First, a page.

I have a friend who did exactly that. She started with buying a condo in Milpitas in 2011 and then sold it and did a 1031 exchange for a house in west San Jose(THE CITY) last year. She does not want to move from Cupertino until her children graduate from high school.
I will sell you a house in Modesto for $120k. .good cash flow and a great way to get started on your own. .Get your parents to cosign…FHA loan, can get in for $5k…There are opportunities everywhere…
Thank you for the offer, elt1… That’s sweet of you, but that’s not really what I’m looking for.
My goal is to buy a primary home so that
- I have the freedom to modify or renovate without concern over a landlord disapproving or kicking us out
- So that any renovations or improvements are not lost money
- To have control over the servicemen who come to our home
- To be able to have a garden/landscaping, swingset or treehouse, pets, solar panels, etc.
- To have emotional, friend, and job stability and be able to put down roots.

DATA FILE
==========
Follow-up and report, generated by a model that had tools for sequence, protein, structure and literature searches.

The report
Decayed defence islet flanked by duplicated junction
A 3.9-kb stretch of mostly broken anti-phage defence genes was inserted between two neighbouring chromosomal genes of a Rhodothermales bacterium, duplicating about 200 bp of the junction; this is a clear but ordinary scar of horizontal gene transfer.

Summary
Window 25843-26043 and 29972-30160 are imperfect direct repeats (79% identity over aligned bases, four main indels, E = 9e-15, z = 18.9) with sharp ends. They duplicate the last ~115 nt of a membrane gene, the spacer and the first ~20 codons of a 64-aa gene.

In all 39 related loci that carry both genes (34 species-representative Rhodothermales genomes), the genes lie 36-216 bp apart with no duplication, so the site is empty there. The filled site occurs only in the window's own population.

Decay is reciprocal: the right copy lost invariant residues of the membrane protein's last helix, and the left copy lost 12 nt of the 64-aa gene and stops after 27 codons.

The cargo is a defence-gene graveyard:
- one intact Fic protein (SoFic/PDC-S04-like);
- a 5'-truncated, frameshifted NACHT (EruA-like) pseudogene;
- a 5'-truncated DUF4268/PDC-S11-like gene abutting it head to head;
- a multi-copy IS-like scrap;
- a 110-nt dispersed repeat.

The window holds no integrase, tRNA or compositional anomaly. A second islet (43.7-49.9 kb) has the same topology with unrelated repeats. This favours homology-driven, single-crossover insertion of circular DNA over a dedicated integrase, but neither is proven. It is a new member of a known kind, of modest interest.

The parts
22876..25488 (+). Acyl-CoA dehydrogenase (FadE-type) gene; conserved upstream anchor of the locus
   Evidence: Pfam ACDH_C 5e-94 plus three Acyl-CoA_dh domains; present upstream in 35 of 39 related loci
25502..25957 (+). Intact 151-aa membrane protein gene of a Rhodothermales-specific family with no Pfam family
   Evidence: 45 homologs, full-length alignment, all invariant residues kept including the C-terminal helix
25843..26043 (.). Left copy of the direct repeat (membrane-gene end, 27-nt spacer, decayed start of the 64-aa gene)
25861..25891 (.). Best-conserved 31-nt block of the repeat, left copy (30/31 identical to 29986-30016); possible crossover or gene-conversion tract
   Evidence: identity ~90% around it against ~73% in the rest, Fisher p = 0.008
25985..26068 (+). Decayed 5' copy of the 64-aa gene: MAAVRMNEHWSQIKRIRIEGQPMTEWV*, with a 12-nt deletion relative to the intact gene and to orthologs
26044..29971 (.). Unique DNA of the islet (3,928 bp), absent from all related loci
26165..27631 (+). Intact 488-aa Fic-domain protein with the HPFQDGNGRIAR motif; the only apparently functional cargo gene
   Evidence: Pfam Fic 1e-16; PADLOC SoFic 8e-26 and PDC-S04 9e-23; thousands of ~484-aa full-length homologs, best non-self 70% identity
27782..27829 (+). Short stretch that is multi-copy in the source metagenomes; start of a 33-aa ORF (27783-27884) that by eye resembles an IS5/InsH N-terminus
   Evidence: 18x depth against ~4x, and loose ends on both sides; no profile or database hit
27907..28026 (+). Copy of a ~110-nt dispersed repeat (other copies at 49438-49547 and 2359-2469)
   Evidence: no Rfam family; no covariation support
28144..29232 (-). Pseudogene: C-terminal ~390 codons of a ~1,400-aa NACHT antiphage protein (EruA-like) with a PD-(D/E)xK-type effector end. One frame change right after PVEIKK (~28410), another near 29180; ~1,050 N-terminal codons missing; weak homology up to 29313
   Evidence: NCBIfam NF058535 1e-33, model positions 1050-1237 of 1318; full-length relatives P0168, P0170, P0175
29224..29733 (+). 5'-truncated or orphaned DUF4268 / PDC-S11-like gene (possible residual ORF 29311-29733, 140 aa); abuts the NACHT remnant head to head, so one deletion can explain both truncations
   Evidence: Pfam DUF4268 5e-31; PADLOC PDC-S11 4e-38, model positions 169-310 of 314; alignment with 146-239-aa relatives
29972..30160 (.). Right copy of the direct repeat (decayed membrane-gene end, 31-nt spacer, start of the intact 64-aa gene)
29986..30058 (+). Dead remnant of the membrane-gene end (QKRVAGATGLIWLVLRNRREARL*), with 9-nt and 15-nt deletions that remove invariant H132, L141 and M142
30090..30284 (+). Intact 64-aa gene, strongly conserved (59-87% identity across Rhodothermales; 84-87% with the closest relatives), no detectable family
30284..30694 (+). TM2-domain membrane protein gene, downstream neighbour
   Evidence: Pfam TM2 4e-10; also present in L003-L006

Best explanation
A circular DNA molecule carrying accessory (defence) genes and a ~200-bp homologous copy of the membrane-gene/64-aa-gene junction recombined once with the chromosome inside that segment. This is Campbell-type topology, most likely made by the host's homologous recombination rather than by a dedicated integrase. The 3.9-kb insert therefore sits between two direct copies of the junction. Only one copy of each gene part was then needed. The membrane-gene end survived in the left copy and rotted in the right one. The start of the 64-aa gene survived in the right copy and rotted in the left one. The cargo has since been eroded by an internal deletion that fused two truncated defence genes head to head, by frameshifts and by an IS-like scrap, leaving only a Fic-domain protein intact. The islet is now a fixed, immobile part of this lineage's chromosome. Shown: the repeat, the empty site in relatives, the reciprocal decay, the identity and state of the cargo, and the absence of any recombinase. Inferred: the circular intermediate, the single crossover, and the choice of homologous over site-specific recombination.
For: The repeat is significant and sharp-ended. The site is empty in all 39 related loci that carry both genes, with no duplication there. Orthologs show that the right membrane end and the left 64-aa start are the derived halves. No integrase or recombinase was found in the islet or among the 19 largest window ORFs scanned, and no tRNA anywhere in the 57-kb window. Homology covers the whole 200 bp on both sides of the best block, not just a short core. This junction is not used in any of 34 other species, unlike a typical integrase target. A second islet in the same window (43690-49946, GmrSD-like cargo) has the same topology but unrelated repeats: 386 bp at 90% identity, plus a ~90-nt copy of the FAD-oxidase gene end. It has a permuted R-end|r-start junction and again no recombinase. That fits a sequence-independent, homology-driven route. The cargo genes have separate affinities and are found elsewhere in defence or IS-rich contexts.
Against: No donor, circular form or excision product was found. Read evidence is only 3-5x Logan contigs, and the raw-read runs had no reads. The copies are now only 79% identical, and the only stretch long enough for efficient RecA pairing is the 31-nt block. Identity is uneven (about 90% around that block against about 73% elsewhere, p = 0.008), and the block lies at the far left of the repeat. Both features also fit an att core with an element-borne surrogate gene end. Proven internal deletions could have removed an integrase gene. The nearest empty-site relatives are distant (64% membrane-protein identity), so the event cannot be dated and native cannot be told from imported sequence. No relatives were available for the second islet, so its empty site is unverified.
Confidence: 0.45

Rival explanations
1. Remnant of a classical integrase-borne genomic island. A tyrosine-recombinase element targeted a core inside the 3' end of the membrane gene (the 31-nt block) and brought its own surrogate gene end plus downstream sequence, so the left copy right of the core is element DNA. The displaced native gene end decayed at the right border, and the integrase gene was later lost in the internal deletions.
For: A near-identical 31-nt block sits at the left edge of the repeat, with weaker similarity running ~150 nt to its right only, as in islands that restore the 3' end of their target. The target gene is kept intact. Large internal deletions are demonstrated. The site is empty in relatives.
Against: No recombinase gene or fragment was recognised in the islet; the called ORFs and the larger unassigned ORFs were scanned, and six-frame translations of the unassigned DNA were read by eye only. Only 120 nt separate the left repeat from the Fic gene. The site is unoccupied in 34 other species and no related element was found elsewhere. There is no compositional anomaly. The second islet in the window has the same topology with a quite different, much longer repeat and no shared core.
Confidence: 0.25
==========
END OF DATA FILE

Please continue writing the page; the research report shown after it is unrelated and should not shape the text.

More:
- To save towards retirement and have financial stability.
Buying a rental elsewhere is really more about investing and #6, but doesn’t help with social and homemaking (#1-5). (I would consider flipping houses, though, for a couple of years, if it meant paying off the final house sooner with the backup plan of renting it temporarily if I couldn’t make a profit at that time on the flip.)
Also, my parents will never cosign on anything for me, and in all honesty, thank God for that!!! They are of the “it’s your bed to make because you have to lie in it” philosophy, but because of that, they also don’t tell us what to do with our money or how to live. When parents help with finances, it always comes with strings attached, and that control of an adult child’s finances and spending is very unhealthy, especially when it is an upperclass parent controlling a middle or lower class child’s spending choices. This is something Chapters 5/6 of the Millionaire Next Door go over in detail, and boy did they get it right!!! Financially independent adults do better at earning money, saving money and making financial decisions that are appropriate for their earnings.